• Individual Author: Rohacek, Monica
    Reference Type: Report
    Year: 2012

    The federal Child Care and Development Fund (CCDF) is a primary source of assistance helping low-income parents pay for child care. Among other goals, the Office of Child Care has specified that CCDF policies should be "fair to providers." This issue matters because CCDF policies can influence provider decisions about enrolling children with vouchers as well as provider decisions about quality. This brief summarizes research that can inform implementation of CCDF policies that are fair to providers with a focus on payment rates, payment policies, timeliness of payment, and administrative and other costs of participation in the CCDF voucher system. (author abstract)

    The federal Child Care and Development Fund (CCDF) is a primary source of assistance helping low-income parents pay for child care. Among other goals, the Office of Child Care has specified that CCDF policies should be "fair to providers." This issue matters because CCDF policies can influence provider decisions about enrolling children with vouchers as well as provider decisions about quality. This brief summarizes research that can inform implementation of CCDF policies that are fair to providers with a focus on payment rates, payment policies, timeliness of payment, and administrative and other costs of participation in the CCDF voucher system. (author abstract)

  • Individual Author: Henry, Colleen; Werschkul, Misha; Rao, Manita C.
    Reference Type: Report
    Year: 2003

    In the current debate over welfare reauthorization, the importance of child care assistance for low-income and working families cannot be overstated. This briefing paper explores the current status of government child care assistance, reviews research on the connections between child care assistance, mothers’ labor force participation, and children’s development, and offers policy recommendations for improving the quality and quantity of child care assistance. (author abstract)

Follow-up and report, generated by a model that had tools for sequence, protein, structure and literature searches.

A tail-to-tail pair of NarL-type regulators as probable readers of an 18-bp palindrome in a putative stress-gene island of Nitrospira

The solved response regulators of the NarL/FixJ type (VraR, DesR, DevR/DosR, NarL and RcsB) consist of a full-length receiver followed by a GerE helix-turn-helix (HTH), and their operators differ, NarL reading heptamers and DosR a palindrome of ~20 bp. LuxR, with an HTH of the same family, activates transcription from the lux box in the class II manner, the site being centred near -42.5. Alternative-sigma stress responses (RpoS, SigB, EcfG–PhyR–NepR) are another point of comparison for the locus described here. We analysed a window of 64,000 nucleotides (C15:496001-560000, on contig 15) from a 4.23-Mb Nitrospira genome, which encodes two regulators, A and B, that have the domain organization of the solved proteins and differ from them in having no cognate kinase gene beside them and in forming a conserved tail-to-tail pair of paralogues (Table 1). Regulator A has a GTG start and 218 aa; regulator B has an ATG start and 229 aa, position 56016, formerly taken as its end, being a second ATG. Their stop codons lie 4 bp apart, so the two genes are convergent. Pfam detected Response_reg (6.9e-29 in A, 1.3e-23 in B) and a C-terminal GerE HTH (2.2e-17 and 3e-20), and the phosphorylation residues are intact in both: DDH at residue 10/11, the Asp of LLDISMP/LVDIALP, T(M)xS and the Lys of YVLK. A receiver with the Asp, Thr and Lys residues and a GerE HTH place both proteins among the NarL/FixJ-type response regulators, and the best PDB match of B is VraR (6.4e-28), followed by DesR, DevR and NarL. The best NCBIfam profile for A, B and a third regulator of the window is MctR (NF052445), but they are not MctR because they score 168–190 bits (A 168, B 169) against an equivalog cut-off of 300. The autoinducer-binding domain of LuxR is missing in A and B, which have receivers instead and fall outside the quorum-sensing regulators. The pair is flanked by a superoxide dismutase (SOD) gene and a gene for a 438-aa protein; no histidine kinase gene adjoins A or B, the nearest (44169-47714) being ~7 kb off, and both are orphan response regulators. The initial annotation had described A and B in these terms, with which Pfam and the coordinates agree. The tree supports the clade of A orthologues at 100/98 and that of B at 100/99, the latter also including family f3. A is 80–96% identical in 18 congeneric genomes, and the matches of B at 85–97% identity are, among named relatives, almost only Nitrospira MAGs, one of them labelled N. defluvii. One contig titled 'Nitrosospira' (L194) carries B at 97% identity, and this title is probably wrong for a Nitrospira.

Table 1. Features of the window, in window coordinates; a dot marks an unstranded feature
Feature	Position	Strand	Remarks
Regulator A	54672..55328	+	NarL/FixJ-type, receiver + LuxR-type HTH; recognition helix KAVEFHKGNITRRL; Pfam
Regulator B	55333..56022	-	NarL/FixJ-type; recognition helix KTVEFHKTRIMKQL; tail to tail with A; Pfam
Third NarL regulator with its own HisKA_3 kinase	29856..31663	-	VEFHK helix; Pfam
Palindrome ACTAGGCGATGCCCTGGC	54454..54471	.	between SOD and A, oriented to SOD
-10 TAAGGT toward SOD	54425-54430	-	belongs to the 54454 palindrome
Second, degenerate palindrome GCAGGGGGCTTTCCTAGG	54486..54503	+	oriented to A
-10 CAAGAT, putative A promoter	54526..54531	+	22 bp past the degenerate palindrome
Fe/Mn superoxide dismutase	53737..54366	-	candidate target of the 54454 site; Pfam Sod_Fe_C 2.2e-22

In the current debate over welfare reauthorization, the importance of child care assistance for low-income and working families cannot be overstated. This briefing paper explores the current status of government child care assistance, reviews research on the connections between child care assistance, mothers’ labor force participation, and children’s development, and offers policy recommendations for improving the quality and quantity of child care assistance. (author abstract)

  • Individual Author: Lawrence, Sharmila; Kreader, J. Lee
    Reference Type: Report
    Year: 2006

    A growing body of research is starting to shed light on the ways child care subsidies are achieving one of their central goals—supporting employment for low-income parents. Second in the series Reviews of Research on Child Care Subsidies, this research brief summarizes the Research Connections literature review of the same title, Parent Employment and the Use of Child Care Subsidies, which examines recent research addressing the basic question:

    • What parent employment outcomes are associated with the use of child care subsidies?

    That is, how do employment decisions and patterns for low-income parents with subsidies tend to differ from those of low-income parents without them? For which subgroups of these parents—such as, those with or without high school diplomas, with or without cash assistance histories—do child care subsidies appear to make more difference? What factors in addition to subsidies influence parents’ employment decisions? While these questions are posed broadly in terms of “parents,” the research to date focuses on “mothers.” (author...

    A growing body of research is starting to shed light on the ways child care subsidies are achieving one of their central goals—supporting employment for low-income parents. Second in the series Reviews of Research on Child Care Subsidies, this research brief summarizes the Research Connections literature review of the same title, Parent Employment and the Use of Child Care Subsidies, which examines recent research addressing the basic question:

    • What parent employment outcomes are associated with the use of child care subsidies?

    That is, how do employment decisions and patterns for low-income parents with subsidies tend to differ from those of low-income parents without them? For which subgroups of these parents—such as, those with or without high school diplomas, with or without cash assistance histories—do child care subsidies appear to make more difference? What factors in addition to subsidies influence parents’ employment decisions? While these questions are posed broadly in terms of “parents,” the research to date focuses on “mothers.” (author abstract)